Scholar, leader, and academic handyman Darrin Griffin drops by the Muse to help us put our game face on and show up better at work and home.
What you say and how you say it matters. In this episode of
Management Muse, author and researcher Darrin Griffin discusses the importance
of nonverbal communication.
As managers, we should be master noticers and pay attention to how
nonverbal cues like dominance behaviors, body language, and timing impact people
around you. This episode also covers the importance of perception checks to
- Paying attention nonverbal behavior can help identify others’ interests and conversational goals and aid in better communication.
- Nonverbal communication varies significantly from person to person. Translation: people are quirky, so we need to pay attention.
- Nonverbal communication can help build trust and make people feel understood.
- Because miscommunication is common, feedback and perception checks are essential.
Episode Quotes by Darrin Griffin
- “If you’re going to hone your nonverbal skills, do it in a way that is goal driven and mutually ethical because you’re not doing it just to benefit yourself, right? You want to better understand people so you can react to them more accurately.”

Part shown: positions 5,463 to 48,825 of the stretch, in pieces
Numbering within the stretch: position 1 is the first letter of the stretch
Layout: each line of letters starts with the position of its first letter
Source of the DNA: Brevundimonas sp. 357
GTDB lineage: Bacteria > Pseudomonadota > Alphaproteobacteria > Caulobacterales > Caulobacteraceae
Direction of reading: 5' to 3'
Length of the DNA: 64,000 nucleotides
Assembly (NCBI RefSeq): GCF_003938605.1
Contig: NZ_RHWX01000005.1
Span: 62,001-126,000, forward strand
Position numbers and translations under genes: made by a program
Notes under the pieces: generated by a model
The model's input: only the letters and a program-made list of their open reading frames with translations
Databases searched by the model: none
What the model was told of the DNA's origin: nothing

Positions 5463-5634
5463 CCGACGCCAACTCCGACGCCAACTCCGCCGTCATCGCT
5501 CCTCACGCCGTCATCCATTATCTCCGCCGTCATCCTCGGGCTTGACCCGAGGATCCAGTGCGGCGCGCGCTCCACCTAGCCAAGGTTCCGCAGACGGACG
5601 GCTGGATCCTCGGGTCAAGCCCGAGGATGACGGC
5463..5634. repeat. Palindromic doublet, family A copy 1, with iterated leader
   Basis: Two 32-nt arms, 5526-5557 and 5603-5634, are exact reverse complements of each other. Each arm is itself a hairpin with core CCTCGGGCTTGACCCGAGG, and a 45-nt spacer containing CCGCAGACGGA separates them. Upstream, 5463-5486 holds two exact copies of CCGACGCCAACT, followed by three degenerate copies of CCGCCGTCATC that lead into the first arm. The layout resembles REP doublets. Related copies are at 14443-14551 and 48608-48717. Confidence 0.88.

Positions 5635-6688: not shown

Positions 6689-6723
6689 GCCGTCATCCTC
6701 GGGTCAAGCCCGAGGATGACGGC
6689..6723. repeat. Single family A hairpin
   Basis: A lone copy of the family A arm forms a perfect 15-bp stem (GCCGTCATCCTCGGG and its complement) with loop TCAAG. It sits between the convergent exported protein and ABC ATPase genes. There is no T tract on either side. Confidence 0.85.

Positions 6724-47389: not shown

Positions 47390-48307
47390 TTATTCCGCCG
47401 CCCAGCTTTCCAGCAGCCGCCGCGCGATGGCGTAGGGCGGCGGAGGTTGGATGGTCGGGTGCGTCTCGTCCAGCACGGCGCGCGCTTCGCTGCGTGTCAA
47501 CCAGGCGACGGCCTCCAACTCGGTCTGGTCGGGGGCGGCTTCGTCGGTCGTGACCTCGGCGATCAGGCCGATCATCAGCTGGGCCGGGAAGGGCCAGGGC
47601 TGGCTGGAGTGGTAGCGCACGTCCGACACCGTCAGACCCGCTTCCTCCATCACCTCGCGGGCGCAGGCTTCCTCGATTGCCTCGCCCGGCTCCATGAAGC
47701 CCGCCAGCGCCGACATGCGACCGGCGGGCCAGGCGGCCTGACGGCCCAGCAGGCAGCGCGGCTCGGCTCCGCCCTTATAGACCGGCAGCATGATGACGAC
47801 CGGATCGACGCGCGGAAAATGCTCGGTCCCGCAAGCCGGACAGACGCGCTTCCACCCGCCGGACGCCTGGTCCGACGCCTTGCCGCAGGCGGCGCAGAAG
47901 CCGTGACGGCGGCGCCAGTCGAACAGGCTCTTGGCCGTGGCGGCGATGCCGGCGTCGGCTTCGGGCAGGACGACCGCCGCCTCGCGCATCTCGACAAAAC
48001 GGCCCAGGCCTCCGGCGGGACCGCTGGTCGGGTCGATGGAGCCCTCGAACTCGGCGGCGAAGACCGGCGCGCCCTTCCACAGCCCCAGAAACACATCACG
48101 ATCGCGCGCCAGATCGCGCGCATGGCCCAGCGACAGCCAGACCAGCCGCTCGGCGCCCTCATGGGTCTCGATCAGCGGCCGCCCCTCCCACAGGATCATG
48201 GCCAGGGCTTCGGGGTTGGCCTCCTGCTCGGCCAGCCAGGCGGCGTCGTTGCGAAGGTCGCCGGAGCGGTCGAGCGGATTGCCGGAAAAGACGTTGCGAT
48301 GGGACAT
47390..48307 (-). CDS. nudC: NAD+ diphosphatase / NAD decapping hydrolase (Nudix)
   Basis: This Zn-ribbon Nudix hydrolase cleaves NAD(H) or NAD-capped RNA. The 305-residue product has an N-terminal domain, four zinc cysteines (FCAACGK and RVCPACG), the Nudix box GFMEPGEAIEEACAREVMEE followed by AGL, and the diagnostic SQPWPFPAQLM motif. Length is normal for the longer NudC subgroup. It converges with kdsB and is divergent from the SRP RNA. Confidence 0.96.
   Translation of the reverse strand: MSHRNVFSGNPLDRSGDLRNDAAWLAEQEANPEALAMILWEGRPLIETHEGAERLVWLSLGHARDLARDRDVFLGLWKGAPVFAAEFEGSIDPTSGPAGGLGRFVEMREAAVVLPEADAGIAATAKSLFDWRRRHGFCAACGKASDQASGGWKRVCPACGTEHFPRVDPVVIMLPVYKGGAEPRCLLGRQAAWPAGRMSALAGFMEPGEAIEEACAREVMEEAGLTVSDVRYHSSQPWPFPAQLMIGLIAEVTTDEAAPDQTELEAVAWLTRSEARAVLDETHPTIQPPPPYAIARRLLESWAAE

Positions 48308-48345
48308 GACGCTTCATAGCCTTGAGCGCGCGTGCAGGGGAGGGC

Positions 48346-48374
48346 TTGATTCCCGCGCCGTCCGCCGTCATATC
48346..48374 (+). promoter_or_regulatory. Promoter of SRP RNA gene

- “We know how to communicate. But nonverbal communication as managers is often challenging when you’re doing it with a lot of people with different perspectives.”
- “Don’t try to interpret nonverbal behavior with certainty. Be tentative and do reality checks on what you think you are seeing.”
- “It’s okay to be wrong. And by acknowledging you might have been wrong, misunderstood, or the source of miscommunication, you’ll build trust and rapport. People will like you more. They’ll think you’re human.”
About Darrin Griffin:
Darrin Griffin is the communication department chair at the University of Alabama and is a prominent author and researcher. His academic expertise is in nonverbal communication and deception and his practical expertise is in BBQ and motorcycles.
Lying and Deception in Human Interaction by Mark Knapp, Billy Earnest, Darrin Griffin, Matthew McGlone
Key words: Nonverbal communication, body language, self-presentation, influence, power